Egyptian Amulets and their Meanings

Amulets in Ancient Egypt were both decorative and practical, as they were considered as having apotropaic powers to protect or bestow power upon the wearer. Not only worn by the living, amulets have been found inside the wrappings of mummies, as they were used to prepare the deceased for the afterlife.

Amulets held different meanings, depending on their type or form. Small amulets depicting gods and goddesses seem to have induced the protective powers of the deity. On the other hand, small representations of anatomical features or creatures suggest that the wearer required protection over a specific body part, or that he/she desired the skills of a particular animal. Amulets depicting animals were very common in the Old Kingdom Period, whilst representations of deities gained popularity in the Middle Kingdom.



The Uraeus cobra symbol derives from word ‘iaret’, meaning ‘the risen one’. Cobras rising up in protection were used on the front of the headdresses of gods and pharaohs, suggesting the amulet may have been an emblem of royal and divine power and authority.


The symbolism here is uncertain, although it is thought to be linked to either persistence in battle or the wish for the fecundity of a fly.


Again the symbolism is unknown, but due to their abundance in the Egyptian desert, they could have been associated with fertility.


This amulet would have endowed the wearer with ferocity and bravery, as well as the regenerative properties that lions were supposed to possess.


Becoming popular in the Middle Kingdom, amulets in the shape of scarab beetles were thought to represent the sun god, Ra. The Ancient Egyptians believed that the scarab beetle rolling its ball of dung across the dessert mirrored the journey of the sun across the sky from day to night. As the beetle laid its eggs within the dung, it became a symbol of rebirth and regeneration.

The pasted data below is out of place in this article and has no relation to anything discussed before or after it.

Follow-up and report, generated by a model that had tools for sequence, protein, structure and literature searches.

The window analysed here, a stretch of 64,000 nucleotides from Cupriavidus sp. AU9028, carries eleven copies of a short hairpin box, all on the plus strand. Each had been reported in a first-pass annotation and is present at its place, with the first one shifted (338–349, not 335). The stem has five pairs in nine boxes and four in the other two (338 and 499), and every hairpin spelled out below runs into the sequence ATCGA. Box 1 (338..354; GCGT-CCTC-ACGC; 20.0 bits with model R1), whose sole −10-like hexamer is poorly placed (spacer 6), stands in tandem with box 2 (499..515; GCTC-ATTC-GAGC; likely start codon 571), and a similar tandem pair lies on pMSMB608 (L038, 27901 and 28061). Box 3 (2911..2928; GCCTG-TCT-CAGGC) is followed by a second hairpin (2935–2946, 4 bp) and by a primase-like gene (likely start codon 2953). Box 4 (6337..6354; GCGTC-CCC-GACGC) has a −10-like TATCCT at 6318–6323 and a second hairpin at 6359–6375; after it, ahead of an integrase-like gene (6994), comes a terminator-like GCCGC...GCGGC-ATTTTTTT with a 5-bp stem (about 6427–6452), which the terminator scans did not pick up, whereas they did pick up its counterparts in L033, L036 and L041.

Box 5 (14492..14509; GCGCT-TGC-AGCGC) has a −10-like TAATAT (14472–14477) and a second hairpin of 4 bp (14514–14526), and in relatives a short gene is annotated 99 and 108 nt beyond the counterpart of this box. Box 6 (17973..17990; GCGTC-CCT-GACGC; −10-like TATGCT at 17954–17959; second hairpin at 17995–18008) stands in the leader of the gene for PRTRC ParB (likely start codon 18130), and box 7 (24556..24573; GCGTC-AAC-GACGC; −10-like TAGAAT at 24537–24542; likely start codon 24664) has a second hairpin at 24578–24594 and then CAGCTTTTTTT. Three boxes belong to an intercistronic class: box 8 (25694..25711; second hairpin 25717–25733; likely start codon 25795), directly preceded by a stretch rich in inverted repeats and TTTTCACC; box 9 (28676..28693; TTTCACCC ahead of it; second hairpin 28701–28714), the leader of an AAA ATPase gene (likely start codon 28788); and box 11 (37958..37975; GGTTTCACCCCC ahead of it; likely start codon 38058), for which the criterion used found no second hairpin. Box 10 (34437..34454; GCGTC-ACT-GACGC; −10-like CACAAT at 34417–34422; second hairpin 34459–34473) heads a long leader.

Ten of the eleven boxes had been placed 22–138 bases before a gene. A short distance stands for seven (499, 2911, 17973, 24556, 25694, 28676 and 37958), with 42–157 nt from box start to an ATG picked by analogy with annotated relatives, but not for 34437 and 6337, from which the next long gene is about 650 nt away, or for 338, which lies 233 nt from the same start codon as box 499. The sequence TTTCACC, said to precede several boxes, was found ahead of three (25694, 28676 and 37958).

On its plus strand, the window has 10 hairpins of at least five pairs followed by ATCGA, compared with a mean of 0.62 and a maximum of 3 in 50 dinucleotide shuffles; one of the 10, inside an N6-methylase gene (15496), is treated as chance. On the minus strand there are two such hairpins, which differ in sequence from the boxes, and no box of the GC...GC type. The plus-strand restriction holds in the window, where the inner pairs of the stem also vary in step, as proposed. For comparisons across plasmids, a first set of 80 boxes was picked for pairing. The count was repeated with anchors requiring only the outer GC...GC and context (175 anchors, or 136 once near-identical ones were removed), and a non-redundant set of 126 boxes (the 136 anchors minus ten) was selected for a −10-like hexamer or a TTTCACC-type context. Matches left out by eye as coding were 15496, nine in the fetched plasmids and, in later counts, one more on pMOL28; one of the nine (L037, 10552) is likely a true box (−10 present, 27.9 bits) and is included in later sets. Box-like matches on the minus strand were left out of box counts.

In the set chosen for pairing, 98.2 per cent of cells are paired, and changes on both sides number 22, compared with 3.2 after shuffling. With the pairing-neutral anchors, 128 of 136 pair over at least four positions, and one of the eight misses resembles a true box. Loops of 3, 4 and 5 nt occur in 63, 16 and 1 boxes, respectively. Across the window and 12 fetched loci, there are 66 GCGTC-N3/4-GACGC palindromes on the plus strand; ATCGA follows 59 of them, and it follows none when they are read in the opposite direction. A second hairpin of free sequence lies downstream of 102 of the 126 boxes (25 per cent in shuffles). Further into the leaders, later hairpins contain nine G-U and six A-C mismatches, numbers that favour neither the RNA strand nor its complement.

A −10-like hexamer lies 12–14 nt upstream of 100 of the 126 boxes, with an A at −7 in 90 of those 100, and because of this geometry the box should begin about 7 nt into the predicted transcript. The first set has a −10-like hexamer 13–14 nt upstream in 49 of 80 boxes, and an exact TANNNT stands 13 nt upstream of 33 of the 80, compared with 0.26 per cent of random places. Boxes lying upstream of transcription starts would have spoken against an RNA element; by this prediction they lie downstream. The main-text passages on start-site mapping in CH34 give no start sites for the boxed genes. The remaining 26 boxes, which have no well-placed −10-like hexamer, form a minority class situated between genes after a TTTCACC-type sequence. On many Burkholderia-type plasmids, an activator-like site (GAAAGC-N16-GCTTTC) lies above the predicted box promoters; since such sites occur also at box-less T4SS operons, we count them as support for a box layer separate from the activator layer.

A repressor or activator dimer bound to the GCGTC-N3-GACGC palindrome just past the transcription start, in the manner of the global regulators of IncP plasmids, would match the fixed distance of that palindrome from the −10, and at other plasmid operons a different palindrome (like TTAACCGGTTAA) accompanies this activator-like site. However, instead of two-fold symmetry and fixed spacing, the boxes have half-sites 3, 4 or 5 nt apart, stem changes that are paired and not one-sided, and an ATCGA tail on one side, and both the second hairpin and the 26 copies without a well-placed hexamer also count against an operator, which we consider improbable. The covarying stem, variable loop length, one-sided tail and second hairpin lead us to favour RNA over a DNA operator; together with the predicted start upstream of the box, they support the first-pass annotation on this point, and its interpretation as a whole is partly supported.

Amulets of vultures represented the danger to be averted rather than the intended characteristic of the animal. In this case the fear may have been of being devoured.

Body parts

When an amulet depicting a body part was worn on the living, it protected specific parts of the body from harm or illness, and when on the dead, there were connotations of bodily unity and the integrity of the mummy itself.


Considered the most important organ, the heart was believed to be the seat of intelligence and the origin of feeling and action. This was the organ that was weighed in the ceremony of judgment with A’an and Ma’at. Heart amulets have been found placed on the torso of every mummy.

Foliage and Flowers

Ancient Egyptians had gardens and loved to plant flowers. Sometimes real flower heads were strung together to be worn by mummies or by the living, and although their precise significance is unknown, flower imagery and amulets were typically symbolic of new life.

Cowroid Shell

The cowroid was likely intended as a fertility amulet, based on the cowrie shell’s resemblance to female genitalia. A longitudinal piercing might suggest that it was worn over the pelvic area as part of a girdle, averting evil forces away from its wearer, who may well have been a pregnant female.


Daisies were used to soothe the skin and to aid digestion. Perhaps this amulet was used by someone seeking relief from such irritation.


The lotus stood for rebirth and creation. Lotus flowers open during the day, and close at night, thus illustrating the journey of the god, Khepri, who rolled the sun across the earth, and in doing so created day and night.

Tools and Misc.

Djed Pillar

Placed on the lower torso or upper chest, the Djed Pillar symbolized stability and endurance. At first describing the pole around which grain was tied, its meaning later shifted to the backbone of Osiris. A spell in the Book of the Dead says: ‘Raise yourself up Osiris! You have your backbone once more, O weary-hearted One; you have your vertebrae!’

Wadj Sceptre

A Wadj Sceptre was a rolled papyrus scroll, with the hieroglyph for ‘fresh’ used in the name. This suggests that the amulet was involved with the preservation of the body, while also symbolising new life and regeneration. Books 159 and 160 of the Book of the Dead refer to a Wadj amulet being placed at the throat of the mummy.

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By Virginia,

  Filed under: Ancient Egypt, Imagery & Symbolism   Tags: , , , , , , , ,
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